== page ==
This chapter provides a complete list of HTML tags and attributes implemented in Microsoft Internet Explorer and Netscape Navigator, as well as the ones specified in the W3C recommendations for HTML 4.01 and XHTML 1.1. Version information accompanies each tag and attribute so that you can see whether a particular entry applies to the browser(s) you must support. At a glance, you can see the version number of Internet Explorer, Netscape Navigator, and the W3C HTML specification in which the item was first introduced. Because this book deals with Dynamic HTML, the history timeline goes back only to HTML 3.2, Navigator 2, and Internet Explorer 3.
If an item existed prior to one of these versions and is still in use, it is simply marked "all." Where no implementation exists, I've used "n/a" to indicate that. In rare instances, an item has been removed from the HTML specification or a browser family. Such items are marked with a less-than symbol and the version number that no longer supports the item (e.g., NN <6 for prior to Netscape 6). Items valid for a single version show the number encased in pipe symbols (e.g., |4| for Version 4 only). Deprecated items are listed here because modern browsers support them for backward compatibility, and legacy code may rely on them. Text references to Netscape 6 automatically imply support for all Mozilla-based browsers, including Netscape 7.
A handful of items that appear as new for Version 6 browsers may not, in truth, be fully implemented in these browsers. This occurs when a browser maker claims support for an element or attribute because the item is implemented in HTML 4, and the browser wishes to claim compliance with that standard version. The descriptions of such items clearly state when the item is valid but not connected.
Following a section that lists attributes shared by all elements, this chapter is organized alphabetically by HTML element (or tag, if you prefer); within each element's description, attributes are listed alphabetically and displayed in a grey font. The reference entries are designed so that it is easy to see which elements require end tags (in HTML), and whether attributes are optional or required. Scripted object references are displayed in the W3C DOM standard syntax style unless the item requires a different DOM style (e.g., the Navigator 4 layer element). Although the W3C DOM document.getElementById( ) syntax prevails in the listings, if IE supports the item through its DOM scripting, you can assume that the document.all reference style also applies in that environment. The description for an item details any significant differences between the various browser implementations of the item.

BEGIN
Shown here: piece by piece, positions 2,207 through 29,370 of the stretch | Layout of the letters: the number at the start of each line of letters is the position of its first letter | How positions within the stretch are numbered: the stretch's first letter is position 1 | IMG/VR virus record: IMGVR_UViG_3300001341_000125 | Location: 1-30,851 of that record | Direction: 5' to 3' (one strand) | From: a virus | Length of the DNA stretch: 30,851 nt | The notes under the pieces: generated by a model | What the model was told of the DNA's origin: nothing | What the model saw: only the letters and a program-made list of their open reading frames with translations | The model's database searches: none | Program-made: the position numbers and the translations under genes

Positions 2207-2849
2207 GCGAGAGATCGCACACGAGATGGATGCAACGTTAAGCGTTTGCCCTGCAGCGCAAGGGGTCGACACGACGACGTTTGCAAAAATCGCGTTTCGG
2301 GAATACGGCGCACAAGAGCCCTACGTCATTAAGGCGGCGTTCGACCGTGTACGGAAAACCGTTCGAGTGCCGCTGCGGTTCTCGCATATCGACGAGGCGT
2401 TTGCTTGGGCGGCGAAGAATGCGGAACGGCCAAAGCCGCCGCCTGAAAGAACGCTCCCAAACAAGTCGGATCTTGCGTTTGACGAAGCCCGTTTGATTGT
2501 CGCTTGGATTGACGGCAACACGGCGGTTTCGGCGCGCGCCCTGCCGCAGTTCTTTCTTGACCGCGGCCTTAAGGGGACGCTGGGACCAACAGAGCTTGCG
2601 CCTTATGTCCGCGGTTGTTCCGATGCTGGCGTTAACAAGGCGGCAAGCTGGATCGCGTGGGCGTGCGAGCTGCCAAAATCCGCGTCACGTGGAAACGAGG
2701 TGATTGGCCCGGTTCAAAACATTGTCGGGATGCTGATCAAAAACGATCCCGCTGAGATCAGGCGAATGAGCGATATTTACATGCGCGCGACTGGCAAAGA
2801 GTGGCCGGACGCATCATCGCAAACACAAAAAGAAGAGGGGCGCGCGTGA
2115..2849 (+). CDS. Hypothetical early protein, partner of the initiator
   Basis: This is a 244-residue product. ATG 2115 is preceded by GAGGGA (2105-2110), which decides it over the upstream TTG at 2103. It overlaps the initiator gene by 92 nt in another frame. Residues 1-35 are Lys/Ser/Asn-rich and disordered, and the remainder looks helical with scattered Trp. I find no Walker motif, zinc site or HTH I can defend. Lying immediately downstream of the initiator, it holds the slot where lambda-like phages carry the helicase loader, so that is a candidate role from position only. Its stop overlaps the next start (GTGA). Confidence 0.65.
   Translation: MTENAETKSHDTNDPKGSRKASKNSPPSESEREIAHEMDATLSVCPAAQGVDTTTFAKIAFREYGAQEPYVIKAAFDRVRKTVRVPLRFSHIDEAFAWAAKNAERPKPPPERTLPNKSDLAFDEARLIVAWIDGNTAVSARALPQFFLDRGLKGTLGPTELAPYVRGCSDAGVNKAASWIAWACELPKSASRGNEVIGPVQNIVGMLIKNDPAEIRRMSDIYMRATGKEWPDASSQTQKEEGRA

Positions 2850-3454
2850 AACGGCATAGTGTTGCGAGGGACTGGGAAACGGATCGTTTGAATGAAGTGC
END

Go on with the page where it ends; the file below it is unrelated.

All example code is formatted according to W3C HTML standards because the widest number of DHTML browsers support that format and all readers will be familiar with it. At the same time, however, the code demonstrates most practices encouraged for XHTML formatting, such as lowercase tag and attribute names and quoted attribute values of all types. The only XHTML formatting characteristics lacking from the example code are end tags for empty elements (such as the XHTML backward-compatible <br /> technique) and explicit value assignments to attributes that do not require them in HTML (such as the selected attribute of checkbox type input elements). These coding style variations are easy to modify on your own if your code must conform to XHTML validation (see Chapter 1).
For in-depth coverage of event types related to event attributes mentioned in this chapter, see Chapter 10. To find out which, if any, HTML and XHTML DTDs support a particular element or attribute, consult Appendix E.